The Riverview Hospital Decentralization Study captured a rare moment in time in Canadian mental health history.
The study documented the closure of Riverview Hospital (RVH) and evaluating the implications of decentralizing psychiatric services in British Columbia (BC).
This study is unique from some of the other projects that are examining former RVH patients because it examined patients’ strengths and risks, documented changes in dynamic, treatment-friendly variables, and examined positive and negative outcomes across multiple domains. The researchers had funding to track the impact of decentralization of patients and clinical services every 3 months over a one-year-period, which began in 2007. Ultimately, the goal is to follow-up the patients annually for several years, thus evaluating the short-term and long-term implications of the restructuring of services.
The study focused on the recent former patients at Riverview Hospital as they underwent the transition to tertiary regional psychiatric facilities within the community. Through file reviews and patient interviews, the study captured the
baseline mental health status and well-being of patients who were transferred from RVH. Researchers have documented possible therapeutic improvements, changes in quality of life and details about adverse incidents (e.g. suicide, self-harm, victimization, violence) by conducting follow-up assessments with patients every 3 months for one year. In addition, researchers also collected relevant supplementary information by examining official databases and by interviewing staff and family members.
The principal investigator, Dr. Tonia Nicholls, Senior Research Fellow at BC Mental Health & Substance Use Services (BCMHSUS), has a PhD in psychology with specialized training in forensic psychology and the law. The study is a collaboration between clinicians (Drs. Soma Ganesan, Johann Brink), senior administrators (Leslie Arnold, Patrick Smith, Peter Coleridge, Lynda Bond), and researchers from BCMHSUS (RVH and the Forensic Psychiatric Hospital), SFU, and UBC. This partnership between researchers and decision-makers at BCMHSUS and within the Provincial Health Services Authority (PHSA) will help to ensure that the study is relevant to patients and that it provides empirical evidence that will inform evidence-based practice.
Patients were asked to take part in a series of 5 interviews. The baseline interview took place at RVH before the patient left; the others took place in tertiary regional psychiatric facilities within the community. Participants were also asked to grant the researchers access to their files and official records and to seek the approval of a family member or friend who was willing to take part in the study. Over the course of the study, research assistants accessed files, interview rooms and required some staff assistance (e.g. arranging interviews). In order to obtain supplementary details on patients’ mental health and behaviours over the last few months, staff were also asked to participate in brief interviews.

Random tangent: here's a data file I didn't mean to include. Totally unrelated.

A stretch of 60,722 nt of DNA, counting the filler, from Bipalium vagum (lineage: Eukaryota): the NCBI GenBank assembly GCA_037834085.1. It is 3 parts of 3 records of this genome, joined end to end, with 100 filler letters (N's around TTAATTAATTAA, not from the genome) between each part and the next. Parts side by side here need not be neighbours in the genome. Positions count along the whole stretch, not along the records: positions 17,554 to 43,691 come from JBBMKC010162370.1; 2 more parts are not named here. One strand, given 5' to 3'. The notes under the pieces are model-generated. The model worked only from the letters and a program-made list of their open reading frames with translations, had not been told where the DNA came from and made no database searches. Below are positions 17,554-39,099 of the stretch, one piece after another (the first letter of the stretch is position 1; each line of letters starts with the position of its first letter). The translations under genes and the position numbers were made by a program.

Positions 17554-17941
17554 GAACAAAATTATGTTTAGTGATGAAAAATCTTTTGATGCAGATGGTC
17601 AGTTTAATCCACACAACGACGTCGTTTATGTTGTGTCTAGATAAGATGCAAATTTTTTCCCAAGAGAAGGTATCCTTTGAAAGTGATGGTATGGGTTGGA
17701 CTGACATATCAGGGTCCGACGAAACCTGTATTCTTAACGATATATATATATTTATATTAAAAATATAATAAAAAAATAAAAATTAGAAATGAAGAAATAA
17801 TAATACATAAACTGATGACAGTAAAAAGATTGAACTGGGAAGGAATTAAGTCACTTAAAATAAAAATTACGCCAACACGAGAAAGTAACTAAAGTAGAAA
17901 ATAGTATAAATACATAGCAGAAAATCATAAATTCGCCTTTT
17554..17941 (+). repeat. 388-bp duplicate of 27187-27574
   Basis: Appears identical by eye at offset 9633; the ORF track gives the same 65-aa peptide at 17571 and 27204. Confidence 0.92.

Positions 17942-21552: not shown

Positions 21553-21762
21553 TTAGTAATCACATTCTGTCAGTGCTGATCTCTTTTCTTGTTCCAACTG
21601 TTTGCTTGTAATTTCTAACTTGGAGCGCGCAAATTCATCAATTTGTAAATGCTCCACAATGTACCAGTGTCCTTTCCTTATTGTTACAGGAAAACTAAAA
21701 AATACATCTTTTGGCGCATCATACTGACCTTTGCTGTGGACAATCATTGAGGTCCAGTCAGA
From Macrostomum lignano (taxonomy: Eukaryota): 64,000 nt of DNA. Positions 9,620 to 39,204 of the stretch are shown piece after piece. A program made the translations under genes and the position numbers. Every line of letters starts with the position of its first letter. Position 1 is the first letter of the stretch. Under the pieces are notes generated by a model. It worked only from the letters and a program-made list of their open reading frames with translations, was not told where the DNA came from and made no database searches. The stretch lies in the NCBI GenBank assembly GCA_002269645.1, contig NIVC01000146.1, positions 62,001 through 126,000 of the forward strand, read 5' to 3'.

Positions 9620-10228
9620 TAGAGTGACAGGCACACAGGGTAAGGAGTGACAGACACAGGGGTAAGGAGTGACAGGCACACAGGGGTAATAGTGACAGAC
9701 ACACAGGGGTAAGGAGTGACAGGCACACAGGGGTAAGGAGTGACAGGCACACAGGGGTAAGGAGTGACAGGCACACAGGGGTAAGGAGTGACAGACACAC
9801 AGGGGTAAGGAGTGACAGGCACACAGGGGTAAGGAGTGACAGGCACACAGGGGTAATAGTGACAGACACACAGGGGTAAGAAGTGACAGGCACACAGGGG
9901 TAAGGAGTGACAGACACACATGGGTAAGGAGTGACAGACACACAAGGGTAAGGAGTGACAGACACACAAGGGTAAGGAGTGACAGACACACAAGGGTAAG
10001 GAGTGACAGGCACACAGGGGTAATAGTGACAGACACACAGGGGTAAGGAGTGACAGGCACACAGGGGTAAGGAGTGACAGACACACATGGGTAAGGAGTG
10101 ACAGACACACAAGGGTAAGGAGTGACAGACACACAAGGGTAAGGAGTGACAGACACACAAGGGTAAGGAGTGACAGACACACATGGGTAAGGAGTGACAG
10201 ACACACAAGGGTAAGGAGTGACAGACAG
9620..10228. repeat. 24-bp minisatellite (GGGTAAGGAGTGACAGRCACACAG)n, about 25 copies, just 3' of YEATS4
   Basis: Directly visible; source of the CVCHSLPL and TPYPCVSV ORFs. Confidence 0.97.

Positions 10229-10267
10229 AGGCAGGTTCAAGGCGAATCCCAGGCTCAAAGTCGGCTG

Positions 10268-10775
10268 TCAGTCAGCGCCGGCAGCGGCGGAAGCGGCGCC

By documenting the practical, clinical, and social implications of this restructuring of health care delivery, this research will capture a rare moment in Canadian mental health history. In addition, this study will have broad implications for the immediate future of mental health care delivery in BC and may further establish the PHSA as a leading organization in health care delivery.
Riverview Hospital (RVH), British Columbia’s only large scale psychiatric hospital closed in the summer of 2012. Several research projects were conducted evaluating the impact of the hospital closure on patients. Many aspects of patient care and well-being were considered as well as negative outcomes such as homelessness and relocation to correctional facilities. Research to date has shown that patients' symptoms remained stable after they moved out of RVH. Patients also experienced improved quality of life and improvements in daily living skills (Petersen, Nicholls et al., in press). In addition, less than 0.5% of patients who left RVH experienced what is often referred to as transinstitionalization (i.e., shifting care to a correctional facility such as a jail or prison, being admitted to the Forensic Psychiatric Hospital) and / or experienced brief periods of homelessness (Petersen, Nicholls et al, in press; Livingston, Nicholls, & Brink, 2010). In summary, preliminary findings suggest that a well-planned and well-financed hospital closure can avoid many of the negative outcomes often assumed to be associated with psychiatric bed / hospital closures, and lead to some positive outcomes such as improved quality of life for patients. Our study will continue to examine if these outcomes hold out over the longer term.